image captionThe Financial Times is just one of Saturday’s papers that leads with Prime Minister Boris Johnson’s warning that the variant of coronavirus that emerged in the UK may be more deadly. But it says the “ominous note struck” by Mr Johnson and Prof Chris Whitty, England’s chief medical officer, about the state of Britain’s epidemic during a news conference was “accompanied by more encouraging data” suggesting the national lockdown is working. It points out that the R number has fallen to between 0.8 and 1.0.
image captionA healthcare worker in PPE stares out at readers from the front page of the Daily Telegraph. It says Mr Johnson’s warning “overshadowed” the announcement of the fall in the R rate and that the data on the variant has “cast doubt over plans for lifting lockdown”.
image captionThe Guardian says scientists are asking for tighter controls as early evidence about the UK variant risks putting the country “back to square one”. It adds that Mr Johnson “struck an extremely cautious note” when asked during the Downing Street briefing about a return to normality.
image captionThe Daily Mirror runs the words “feeling the strain” across its front page - but it’s not clear whether it’s referring to the country or the prime minister himself, who is pictured in the bottom-right. The paper also refers to claims that vaccine supplies in northern England are reportedly being diverted to other parts of the country, which the vaccines minister has denied.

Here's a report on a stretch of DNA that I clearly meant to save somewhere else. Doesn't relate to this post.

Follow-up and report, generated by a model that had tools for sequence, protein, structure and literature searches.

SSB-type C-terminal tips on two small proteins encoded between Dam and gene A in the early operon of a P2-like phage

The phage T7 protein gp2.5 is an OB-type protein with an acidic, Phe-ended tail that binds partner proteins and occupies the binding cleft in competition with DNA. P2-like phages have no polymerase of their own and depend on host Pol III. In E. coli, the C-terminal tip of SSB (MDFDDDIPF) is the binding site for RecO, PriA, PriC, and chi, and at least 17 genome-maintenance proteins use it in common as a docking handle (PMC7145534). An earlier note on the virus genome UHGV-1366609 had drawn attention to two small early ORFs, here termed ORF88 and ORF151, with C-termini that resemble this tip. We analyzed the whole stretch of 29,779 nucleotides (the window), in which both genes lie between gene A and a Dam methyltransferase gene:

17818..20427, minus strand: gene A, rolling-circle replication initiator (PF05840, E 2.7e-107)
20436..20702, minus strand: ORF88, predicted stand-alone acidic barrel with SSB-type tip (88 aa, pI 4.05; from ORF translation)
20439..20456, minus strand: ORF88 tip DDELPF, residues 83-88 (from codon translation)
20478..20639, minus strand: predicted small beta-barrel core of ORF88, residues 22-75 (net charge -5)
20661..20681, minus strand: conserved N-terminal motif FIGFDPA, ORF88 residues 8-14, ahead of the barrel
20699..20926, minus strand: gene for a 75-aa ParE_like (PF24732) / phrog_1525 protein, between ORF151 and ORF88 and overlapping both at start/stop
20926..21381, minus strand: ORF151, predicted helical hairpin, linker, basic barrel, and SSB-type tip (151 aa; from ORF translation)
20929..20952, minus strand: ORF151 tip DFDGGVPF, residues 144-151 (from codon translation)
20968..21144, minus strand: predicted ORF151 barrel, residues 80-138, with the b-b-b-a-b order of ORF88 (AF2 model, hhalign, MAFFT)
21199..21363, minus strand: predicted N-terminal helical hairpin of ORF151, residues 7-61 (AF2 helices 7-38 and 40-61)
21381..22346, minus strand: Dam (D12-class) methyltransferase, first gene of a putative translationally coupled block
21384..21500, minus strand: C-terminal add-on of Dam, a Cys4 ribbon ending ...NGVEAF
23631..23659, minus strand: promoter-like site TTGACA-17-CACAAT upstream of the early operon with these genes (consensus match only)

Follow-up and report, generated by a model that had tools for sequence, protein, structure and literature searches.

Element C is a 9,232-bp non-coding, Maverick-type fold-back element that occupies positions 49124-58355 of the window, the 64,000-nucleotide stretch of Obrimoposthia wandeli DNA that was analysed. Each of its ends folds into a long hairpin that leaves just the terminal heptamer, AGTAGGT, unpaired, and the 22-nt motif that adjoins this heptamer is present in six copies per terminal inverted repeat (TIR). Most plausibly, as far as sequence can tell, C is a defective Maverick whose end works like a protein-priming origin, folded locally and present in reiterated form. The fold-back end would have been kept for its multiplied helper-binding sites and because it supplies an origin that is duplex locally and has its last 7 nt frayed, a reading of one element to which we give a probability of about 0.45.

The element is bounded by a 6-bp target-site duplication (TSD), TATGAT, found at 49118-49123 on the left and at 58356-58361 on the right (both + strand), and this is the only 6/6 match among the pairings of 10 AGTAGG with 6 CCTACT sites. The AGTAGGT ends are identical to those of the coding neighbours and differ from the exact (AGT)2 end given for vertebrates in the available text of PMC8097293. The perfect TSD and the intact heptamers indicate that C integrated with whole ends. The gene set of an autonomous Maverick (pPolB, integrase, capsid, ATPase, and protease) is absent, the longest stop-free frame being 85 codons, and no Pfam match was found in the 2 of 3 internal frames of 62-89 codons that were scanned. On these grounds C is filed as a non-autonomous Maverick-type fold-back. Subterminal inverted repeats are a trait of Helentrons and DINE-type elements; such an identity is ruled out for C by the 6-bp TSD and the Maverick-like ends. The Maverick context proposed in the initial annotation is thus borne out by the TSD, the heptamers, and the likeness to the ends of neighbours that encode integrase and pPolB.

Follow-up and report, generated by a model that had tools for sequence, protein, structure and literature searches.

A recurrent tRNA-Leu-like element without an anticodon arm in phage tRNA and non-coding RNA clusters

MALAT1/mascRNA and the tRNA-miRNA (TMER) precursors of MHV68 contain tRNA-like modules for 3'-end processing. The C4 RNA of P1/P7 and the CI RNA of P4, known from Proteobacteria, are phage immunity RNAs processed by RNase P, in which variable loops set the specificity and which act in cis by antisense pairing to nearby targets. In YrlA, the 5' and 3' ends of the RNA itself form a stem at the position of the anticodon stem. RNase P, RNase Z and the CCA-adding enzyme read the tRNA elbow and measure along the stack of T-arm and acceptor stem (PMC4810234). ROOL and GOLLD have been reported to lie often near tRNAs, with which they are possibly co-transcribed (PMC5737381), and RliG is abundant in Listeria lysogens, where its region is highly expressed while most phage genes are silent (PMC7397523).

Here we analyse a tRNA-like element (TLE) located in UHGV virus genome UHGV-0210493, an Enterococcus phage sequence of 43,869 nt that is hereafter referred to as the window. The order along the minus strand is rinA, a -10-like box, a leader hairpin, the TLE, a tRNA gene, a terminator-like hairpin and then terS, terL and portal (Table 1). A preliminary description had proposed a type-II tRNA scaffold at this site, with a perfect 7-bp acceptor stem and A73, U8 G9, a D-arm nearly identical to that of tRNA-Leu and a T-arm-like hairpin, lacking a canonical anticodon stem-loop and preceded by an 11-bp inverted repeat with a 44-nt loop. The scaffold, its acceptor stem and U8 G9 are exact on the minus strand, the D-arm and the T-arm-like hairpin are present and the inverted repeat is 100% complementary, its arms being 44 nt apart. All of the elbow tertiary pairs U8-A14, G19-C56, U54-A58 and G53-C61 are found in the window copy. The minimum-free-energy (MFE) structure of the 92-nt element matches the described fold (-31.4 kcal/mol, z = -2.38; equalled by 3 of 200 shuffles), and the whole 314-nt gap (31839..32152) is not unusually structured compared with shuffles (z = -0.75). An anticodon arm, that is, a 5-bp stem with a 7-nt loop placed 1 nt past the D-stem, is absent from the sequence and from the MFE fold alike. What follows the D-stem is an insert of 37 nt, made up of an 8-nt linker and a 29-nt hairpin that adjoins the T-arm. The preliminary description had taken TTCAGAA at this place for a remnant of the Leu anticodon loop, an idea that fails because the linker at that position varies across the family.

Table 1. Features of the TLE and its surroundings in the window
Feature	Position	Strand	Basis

image captionThe i newspaper, however, leads on a more positive note. It reports that the UK is giving out “400,000 jabs a day” and that, in total, 5.4 million people have been vaccinated. “Lockdown does appear to be working against the new strain,” it says, adding that the government’s chief scientific adviser, Sir Patrick Vallance, said there’s growing evidence that vaccines will still work.
image captionThe Daily Mail asks its readers to help it “get computers to schoolkids”. It’s launching a campaign to help up to a million children it says are struggling to learn while schools are closed to most pupils because they don’t have access to laptops at home.
image captionAnd the Daily Star reports that High Street shops are “planning on setting fire to some of their stuff” after a “Brexit internet red tape row”. “Crikey!” it says.